Rare Van Dyck painting sells for $3 million. The owner originally bought it for $600

Updated 29th January 2023
The painting was found in a farm in upstate New York.
Credit: Courtesy Sotheby's
Rare Van Dyck painting sells for $3 million. The owner originally bought it for $600
Written by Zoe Sottile, CNN
Once abandoned in a farm shed, a rediscovered Anthony van Dyck painting has sold for over $3 million at auction.
The piece is a study for a later painting produced by the Flemish master called "St Jerome." The final painting is currently held by the Museum Boijmans van Beuningen in Rotterdam.
The study, which portrays a nude older man sitting on a stool, is unique for a few reasons, according to the Sotheby's listing. It's one of only two large studies that Van Dyck crafted from live models. It was likely painted between 1615 and 1618, according to Sotheby's, while Van Dyck was a young artist working alongside Peter Paul Rubens in Antwerp.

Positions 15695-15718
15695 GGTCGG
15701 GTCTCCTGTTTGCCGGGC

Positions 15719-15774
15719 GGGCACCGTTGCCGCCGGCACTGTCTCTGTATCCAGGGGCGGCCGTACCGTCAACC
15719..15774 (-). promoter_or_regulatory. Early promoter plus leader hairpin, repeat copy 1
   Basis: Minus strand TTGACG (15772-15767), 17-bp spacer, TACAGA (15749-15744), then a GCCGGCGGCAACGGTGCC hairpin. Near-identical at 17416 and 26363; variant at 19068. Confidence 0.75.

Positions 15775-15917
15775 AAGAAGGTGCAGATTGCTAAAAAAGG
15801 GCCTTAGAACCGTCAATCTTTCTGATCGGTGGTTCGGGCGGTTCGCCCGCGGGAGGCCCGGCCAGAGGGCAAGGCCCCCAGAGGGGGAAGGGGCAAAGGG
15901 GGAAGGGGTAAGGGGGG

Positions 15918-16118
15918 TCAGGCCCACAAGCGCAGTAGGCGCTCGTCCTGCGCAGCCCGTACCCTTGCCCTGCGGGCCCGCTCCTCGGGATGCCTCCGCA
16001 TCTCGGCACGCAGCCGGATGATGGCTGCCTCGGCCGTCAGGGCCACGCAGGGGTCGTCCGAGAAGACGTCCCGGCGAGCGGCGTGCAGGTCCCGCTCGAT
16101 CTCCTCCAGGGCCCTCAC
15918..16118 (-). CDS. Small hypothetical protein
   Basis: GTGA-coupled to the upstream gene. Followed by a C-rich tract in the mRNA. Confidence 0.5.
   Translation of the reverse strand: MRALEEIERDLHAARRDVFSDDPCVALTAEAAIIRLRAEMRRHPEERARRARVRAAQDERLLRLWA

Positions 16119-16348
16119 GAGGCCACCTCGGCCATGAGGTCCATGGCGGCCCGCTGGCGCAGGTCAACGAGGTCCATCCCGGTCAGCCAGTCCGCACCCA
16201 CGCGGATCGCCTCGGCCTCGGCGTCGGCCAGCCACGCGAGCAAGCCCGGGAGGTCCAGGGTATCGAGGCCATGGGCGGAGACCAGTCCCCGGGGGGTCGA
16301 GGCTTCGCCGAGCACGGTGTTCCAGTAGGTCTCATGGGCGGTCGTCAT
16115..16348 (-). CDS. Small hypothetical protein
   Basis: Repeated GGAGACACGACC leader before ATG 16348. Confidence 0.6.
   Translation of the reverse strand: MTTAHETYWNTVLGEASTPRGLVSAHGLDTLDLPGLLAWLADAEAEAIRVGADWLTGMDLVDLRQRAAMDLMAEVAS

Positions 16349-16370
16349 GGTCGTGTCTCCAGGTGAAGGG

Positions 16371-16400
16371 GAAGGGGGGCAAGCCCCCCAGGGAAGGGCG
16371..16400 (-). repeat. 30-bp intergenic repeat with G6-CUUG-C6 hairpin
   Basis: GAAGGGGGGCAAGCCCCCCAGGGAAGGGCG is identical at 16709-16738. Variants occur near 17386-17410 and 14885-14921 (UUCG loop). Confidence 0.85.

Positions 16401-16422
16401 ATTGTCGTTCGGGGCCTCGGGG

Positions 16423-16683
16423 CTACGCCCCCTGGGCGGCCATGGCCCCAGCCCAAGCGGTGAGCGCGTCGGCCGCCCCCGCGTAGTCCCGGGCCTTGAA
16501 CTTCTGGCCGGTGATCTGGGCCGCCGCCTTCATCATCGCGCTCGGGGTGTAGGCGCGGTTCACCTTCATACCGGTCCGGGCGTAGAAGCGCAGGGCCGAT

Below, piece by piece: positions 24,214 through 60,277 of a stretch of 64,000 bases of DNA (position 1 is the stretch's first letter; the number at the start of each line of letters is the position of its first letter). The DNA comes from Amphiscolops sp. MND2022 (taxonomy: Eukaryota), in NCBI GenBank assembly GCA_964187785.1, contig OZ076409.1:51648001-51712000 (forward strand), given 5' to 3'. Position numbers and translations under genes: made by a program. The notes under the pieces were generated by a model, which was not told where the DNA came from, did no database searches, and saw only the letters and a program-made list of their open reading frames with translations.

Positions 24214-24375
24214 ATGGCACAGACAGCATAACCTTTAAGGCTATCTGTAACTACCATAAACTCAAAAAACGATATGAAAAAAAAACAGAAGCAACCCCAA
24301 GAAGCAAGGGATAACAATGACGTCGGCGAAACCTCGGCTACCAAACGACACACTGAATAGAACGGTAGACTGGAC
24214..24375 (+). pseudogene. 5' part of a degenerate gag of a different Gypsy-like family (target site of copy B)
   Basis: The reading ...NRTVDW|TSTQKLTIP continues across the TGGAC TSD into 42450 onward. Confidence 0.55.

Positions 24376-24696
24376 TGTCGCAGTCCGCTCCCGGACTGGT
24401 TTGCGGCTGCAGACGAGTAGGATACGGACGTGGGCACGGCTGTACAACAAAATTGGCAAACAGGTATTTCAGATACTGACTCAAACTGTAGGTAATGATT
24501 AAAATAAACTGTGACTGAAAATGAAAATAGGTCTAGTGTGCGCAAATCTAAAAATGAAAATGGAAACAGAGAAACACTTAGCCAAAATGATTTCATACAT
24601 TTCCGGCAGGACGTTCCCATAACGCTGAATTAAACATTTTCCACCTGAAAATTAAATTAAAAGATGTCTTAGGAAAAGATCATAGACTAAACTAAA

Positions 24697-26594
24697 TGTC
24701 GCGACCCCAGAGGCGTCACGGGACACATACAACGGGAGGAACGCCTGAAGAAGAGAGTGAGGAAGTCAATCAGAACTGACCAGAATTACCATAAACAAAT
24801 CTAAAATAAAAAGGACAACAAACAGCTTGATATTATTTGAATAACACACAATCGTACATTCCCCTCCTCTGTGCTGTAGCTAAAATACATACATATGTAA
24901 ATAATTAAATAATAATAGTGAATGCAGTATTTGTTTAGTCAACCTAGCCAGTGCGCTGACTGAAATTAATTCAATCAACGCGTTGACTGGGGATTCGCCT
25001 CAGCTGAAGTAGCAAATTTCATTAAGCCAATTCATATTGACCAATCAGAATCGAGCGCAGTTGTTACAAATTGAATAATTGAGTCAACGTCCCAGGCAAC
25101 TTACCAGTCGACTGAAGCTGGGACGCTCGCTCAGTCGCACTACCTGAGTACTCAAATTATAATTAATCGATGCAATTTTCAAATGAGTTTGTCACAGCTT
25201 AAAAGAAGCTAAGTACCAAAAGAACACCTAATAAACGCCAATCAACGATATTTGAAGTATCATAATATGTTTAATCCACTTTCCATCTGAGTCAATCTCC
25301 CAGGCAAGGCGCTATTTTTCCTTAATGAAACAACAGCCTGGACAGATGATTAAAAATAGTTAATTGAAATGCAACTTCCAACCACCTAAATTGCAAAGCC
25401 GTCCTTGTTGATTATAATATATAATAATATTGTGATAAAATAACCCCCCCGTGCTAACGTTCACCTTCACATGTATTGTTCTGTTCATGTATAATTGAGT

And the oil painting also has an unexpected provenance. The study was only recently identified as a work of Van Dyck, said Sotheby's in a statement shared with CNN. The piece was discovered in the late 20th century in a farm shed in Kinderhook, New York.
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"The person who found it, Albert B. Roberts, was a passionate collector of 'lost' pieces, describing his collection as 'an orphanage for lost art that had suffered from neglect,'" said the auction house.
Roberts bought the derelict painting for just $600, according to Sotheby's. But shortly after, art historian Susan J. Barnes published an article in which she recognized the piece as a "surprisingly well preserved" work by Van Dyck.
The painting sold for $3.1 million on Thursday.
It was offered to Sotheby's by Roberts' estate. And a portion of proceeds will benefit the Albert B. Roberts Foundation Inc, which provides financial support to artists and other charities, according to the auction house.
The study was sold as part of Sotheby's Thursday "Master Paintings Part I" sale, which also included works by Agnolo Bronzino, Titian and Melchior de Hondecoeter.